Shakespeare / Skin

Contemporary Readings in Skin Studies and Theoretical Discourse

Edited by Ruben Espinosa

This volume offers a comprehensive array of readings of 'skin' in Shakespeare's works, a term that embraces the human and animal, noun and verb.

"Shakespeare / Skin" departs from previous studies as it deliberately and often explicitly engages with issues of social and racial justice. Each of the chapters interrogates and centres 'skin' in relation to areas of expertise that include performance studies, aesthetics, animal studies, religious studies, queer theory, Indigenous studies, history, food studies, border studies, postcolonial studies, Black feminism, disease studies and pedagogy. By considering contemporary understandings of skin, this volume examines how the literature of the early modern past creates paths to constructing racial hierarchies.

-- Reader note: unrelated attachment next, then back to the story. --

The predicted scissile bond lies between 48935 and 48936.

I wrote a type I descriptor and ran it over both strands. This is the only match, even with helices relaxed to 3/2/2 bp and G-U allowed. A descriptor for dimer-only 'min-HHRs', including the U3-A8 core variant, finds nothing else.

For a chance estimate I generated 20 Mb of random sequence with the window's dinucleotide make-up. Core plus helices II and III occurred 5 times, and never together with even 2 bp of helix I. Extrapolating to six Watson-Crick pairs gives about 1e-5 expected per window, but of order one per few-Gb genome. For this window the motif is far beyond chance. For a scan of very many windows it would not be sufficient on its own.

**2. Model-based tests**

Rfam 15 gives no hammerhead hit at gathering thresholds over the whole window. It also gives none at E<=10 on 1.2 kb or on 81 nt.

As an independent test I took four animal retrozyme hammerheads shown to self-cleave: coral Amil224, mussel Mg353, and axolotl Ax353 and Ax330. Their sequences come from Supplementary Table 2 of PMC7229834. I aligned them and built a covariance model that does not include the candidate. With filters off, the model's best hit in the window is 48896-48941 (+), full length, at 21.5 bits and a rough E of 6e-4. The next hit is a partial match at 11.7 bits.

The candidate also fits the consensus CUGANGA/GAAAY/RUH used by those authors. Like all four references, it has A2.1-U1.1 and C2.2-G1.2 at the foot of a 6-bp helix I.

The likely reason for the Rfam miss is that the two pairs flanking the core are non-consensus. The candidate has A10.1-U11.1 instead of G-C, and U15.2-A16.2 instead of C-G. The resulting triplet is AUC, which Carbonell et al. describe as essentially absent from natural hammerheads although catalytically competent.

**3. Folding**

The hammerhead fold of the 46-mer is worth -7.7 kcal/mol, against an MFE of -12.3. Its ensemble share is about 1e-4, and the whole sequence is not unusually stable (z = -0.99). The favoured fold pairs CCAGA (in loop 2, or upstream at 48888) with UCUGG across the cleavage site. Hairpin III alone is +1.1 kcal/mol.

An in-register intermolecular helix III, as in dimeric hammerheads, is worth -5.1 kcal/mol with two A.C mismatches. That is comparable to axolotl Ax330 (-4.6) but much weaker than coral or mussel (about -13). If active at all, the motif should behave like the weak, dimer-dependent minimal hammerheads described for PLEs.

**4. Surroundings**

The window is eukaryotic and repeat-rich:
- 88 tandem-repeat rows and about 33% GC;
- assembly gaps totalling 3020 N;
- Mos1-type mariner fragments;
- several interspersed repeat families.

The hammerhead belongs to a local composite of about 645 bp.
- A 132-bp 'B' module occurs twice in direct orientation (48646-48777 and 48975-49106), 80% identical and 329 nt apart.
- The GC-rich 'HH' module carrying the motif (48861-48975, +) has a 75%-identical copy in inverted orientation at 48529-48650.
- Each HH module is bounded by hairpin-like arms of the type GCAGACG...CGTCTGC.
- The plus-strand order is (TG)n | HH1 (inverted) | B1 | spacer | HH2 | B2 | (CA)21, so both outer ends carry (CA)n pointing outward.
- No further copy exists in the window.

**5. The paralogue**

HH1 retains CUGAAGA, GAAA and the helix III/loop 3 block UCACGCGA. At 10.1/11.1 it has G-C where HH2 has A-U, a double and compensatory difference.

With contributors from the USA, UK, South Africa, India, Sri Lanka, Singapore and Australia, chapters are informed by an array of histories, shedding light on how skin was understood in Shakespeare's time and at key moments during the past 400 years in different media and cultures. Chapters include considerations of plays such as "Titus Andronicus," "The Tempest" and "A Midsummer Night's Dream," and work by Borderlands Theater, Los Colochos and Satyajit Ray, among many others.

For researchers and instructors, this book will help to shape teaching and inform research through its modelling of antiracist critical practice. Collectively, the chapters in this collection allow us to consider how sustained attention to skin via cross-historical and innovative approaches can reveal to us the various uses of Shakespeare that shed light on the fraught nature of our interrelatedness. They set a path for readers to consider how much skin they have in the game when it comes to challenging structures of racism.


Ruben Espinosa is a professor of English at ASU, where he is also associate director of the Arizona Center for Medieval and Renaissance Studies.